Digital medical record storage can be a tricky procedure. Our medical records include a lot of private information, like insurance policies, diagnoses, treatments, social security numbers and payment reports. In a general poll, a surprising 94% of healthcare providers and organizations reported some kind of digital data breach that leaked sensitive patient information. With the rise of electronic medical record storage the problem is only getting worse and people are reporting all kinds of medical, financial and identify thefts. In three years alone, a whopping 21 million people were victim to these insidious crimes caused by digital medical storage breaches. Knowing some of the main reasons why breaches happen is an excellent way to protect your confidential information. Here are 5 medical record storage safety tips.
- Outsourcing. Many healthcare facilities store their medical records with a third party. The problem with third party digital data storage facilities is that they are vastly under qualified to store sensitive and confidential documents. Moreover, there is no regulation to say who is and isn’t able to store medical records digitally; and it can be done remotely around the world where there is little, to no protection. As a healthcare provider you should always do appropriate background checks to make sure the place you are storing important medical documentation has the proper encryption software.
- Negligent employees can also endanger patient privacy. Often times, employees can be tempted to accept low payments for sneak peeks at sensitive medical information. They can also be subject to leaving files open on computers where anyone can view a patient’s medical records. The best thing you can do is conduct audits and rigorous reference checks to make sure you don’t have any high-risk employees.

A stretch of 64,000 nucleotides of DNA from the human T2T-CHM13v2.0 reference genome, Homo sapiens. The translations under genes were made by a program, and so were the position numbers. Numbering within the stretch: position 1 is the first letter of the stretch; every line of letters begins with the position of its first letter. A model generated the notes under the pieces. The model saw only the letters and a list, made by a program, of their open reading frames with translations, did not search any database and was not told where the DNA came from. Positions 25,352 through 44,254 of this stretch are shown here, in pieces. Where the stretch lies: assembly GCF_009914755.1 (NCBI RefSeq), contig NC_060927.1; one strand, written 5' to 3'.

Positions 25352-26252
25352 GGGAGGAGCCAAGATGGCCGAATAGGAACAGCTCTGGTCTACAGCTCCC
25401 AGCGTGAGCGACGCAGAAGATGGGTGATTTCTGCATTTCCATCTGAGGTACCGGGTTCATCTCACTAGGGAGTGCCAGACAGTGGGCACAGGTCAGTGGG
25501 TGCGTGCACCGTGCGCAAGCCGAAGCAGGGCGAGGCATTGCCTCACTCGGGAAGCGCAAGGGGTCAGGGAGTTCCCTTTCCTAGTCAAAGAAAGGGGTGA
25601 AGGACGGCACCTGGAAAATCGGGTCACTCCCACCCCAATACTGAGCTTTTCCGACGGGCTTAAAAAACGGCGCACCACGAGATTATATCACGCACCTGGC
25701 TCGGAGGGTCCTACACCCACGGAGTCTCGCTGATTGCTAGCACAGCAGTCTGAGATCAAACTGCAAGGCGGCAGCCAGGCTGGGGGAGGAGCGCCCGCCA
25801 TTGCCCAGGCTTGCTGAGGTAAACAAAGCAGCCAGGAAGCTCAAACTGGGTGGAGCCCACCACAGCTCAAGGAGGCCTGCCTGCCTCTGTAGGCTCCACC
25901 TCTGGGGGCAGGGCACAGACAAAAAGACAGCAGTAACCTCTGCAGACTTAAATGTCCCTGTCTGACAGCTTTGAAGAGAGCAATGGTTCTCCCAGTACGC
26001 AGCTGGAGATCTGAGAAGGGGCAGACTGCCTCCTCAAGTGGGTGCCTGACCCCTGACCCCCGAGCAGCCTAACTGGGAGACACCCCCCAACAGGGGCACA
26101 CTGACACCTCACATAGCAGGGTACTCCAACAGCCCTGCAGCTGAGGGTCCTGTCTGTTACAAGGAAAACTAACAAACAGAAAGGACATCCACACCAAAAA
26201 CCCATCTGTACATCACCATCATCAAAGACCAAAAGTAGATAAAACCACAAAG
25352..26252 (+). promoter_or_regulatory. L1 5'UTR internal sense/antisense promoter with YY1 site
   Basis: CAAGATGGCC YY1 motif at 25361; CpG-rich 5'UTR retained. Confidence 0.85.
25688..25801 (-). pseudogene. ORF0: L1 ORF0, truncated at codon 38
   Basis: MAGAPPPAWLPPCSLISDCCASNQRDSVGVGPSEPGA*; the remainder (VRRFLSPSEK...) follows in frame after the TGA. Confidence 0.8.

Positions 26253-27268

- You should also avoid cloud storage of important patient medical records. Clouds storage offers convenience and user friendliness, but is also hugely risky. Cloud storage is generally only about 30% secure from possible hackers. The reason for this is, is that much of the data in cloud storage is easy to access using complicated malware. While cloud storage might seem temping, health care providers are recommended to choose other options.
- Also, when a hospital throws out old equipment they often don’t properly delete information on those devices. Thumb drives, laptops, cat scan machines, and ultrasound machines can all have delicate medical information still on them. It’s too bad that medical insurance providers, like medicalInsurance.net, don’t have protection against the theft of sensitive medical documents. And anybody can retrieve these discarded devices and pull off the information. It is recommended that you properly destroy or send these devices to an incinerator.
- Another medical record storage safety tip is to keep laptops, thumb drives and PCS secure, because they can be stolen and sensitive information can be leaked. For any responsible medical provider that doesn’t want to be held accountable in case of a breach, it is recommended to keep all computing devices with confidential information on them locked in a safe when not in use. When they are in use, it is incredibly important to not only hold regular checks, but also do background checks on the people using them.